Heritage Camps for Adoptive Families, Then and Now
How Heritage Camps for Adoptive Families has grown in our ability to support adoptees, non-adopted siblings, and adoptive parents
28 years ago, a small group of adoptive parents recognized that in order to support the development of healthy identity in their adopted children, they needed to strengthen the connection between their children and their birth cultures.
They also realized that part of building healthy identity in adoptees meant that kids needed to be with other families just like theirs. While it was valuable to attend events in their community, like Lunar New Year or Diwali celebrations, they knew their children would benefit from a camp specifically created for transracial/transcultural adoptees.
Always a Family Experience
HCAF has always been a family camp. From the very beginning, we knew that in order to strengthen adoptive families, parents and non-adopted siblings needed to be actively involved. Unlike other camps, parents don’t just write a check for camp and drop their kids off to “do camp;” the children see their parents are there to learn and grow, they are dedicated to building relationships with other adoptive families, they are eager to help by coordinating lunch or unloading supplies, they are willing to step outside their comfort zone and try something new. Camp is a family experience because it is about family.
From the beginning, Heritage Camps for Adoptive Families strived to have cultural community members teaching the children. That set us apart from other camps where adoptive parents taught most of the workshops. Over the years our cultural community has become involved in the early stages of camp planning, and therefore provide even more authenticity in our programming.
We continue to encourage adoptive parents to be deeply involved with camp – planning activities, and serving as camp coordinators and volunteers — with important guidance and leadership from adult adoptees and cultural community members who are members of our Board of Directors and Advisory Board.
Expanding Beyond International Adoption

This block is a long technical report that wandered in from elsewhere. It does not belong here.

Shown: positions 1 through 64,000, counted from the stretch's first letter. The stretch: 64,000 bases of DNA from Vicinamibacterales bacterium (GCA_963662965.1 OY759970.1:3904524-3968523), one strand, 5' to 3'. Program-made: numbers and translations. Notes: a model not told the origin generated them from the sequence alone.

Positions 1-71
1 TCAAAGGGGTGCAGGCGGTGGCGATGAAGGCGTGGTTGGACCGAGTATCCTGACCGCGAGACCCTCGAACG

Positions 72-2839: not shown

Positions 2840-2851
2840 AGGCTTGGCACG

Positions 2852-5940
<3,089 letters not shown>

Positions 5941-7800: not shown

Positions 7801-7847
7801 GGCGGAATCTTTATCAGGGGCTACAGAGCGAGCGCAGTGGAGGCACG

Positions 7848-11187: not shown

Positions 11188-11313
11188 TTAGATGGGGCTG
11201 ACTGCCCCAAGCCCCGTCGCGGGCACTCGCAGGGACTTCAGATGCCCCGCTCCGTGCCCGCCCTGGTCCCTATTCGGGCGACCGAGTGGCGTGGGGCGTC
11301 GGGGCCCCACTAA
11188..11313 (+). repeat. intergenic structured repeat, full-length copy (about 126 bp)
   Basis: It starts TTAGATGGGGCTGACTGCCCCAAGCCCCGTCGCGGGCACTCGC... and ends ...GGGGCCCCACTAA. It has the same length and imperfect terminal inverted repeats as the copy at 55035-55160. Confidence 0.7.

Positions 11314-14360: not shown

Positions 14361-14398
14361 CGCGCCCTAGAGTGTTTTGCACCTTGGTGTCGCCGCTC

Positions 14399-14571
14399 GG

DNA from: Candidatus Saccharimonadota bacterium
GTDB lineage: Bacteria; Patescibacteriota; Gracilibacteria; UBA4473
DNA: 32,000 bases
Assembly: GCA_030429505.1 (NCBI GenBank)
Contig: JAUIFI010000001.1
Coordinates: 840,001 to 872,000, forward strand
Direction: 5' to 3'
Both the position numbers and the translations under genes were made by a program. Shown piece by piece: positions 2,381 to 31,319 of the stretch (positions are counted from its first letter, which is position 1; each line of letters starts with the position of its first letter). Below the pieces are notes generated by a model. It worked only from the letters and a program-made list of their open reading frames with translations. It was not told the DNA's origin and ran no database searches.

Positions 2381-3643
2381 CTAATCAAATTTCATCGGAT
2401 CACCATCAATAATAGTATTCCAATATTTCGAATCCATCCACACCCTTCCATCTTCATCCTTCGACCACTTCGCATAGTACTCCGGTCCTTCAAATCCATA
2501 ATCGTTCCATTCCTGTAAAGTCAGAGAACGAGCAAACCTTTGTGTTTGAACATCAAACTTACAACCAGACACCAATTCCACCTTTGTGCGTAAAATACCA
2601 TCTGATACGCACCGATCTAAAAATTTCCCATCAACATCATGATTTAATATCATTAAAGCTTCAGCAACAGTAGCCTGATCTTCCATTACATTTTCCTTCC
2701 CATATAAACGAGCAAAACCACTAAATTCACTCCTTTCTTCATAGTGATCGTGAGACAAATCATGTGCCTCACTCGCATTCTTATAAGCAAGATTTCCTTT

About 10 years ago, we started to hear from parents who urged us to create a camp specifically for families with children adopted domestically. Many of them were already attending HCAF because of their other children who were adopted internationally.
They emphasized that so much of our adult programming had been an essential resource in navigating challenges; workshops on healthy attachment, identity development in the teen years, or advocating for your child at school, all provided tools and resources they referred to throughout the year. They saw that our signature programs, like HeART Talks and This Is Me, gave their kids the language and understanding to talk about adoption. As a result, Domestic Adoption Camp was created.
Heritage Camps for Adoptive Families Today
Today we strive to honor the complexities that are part of adoption: the connection and the loss; the unique experiences of transracial/transcultural adoptive families related to identity; honoring adoptive families and birth/first families.
We continue to focus on centering adoptee voices, and know that this is an essential part of empowering adoptees. We are listening to and learning from folks of color, who provide White adoptive parents with a critical perspective and understanding.
28 years later, at Heritage Camps for Adoptive Families, we are still growing and learning, and strengthening the connections that matter the most. Will you join us?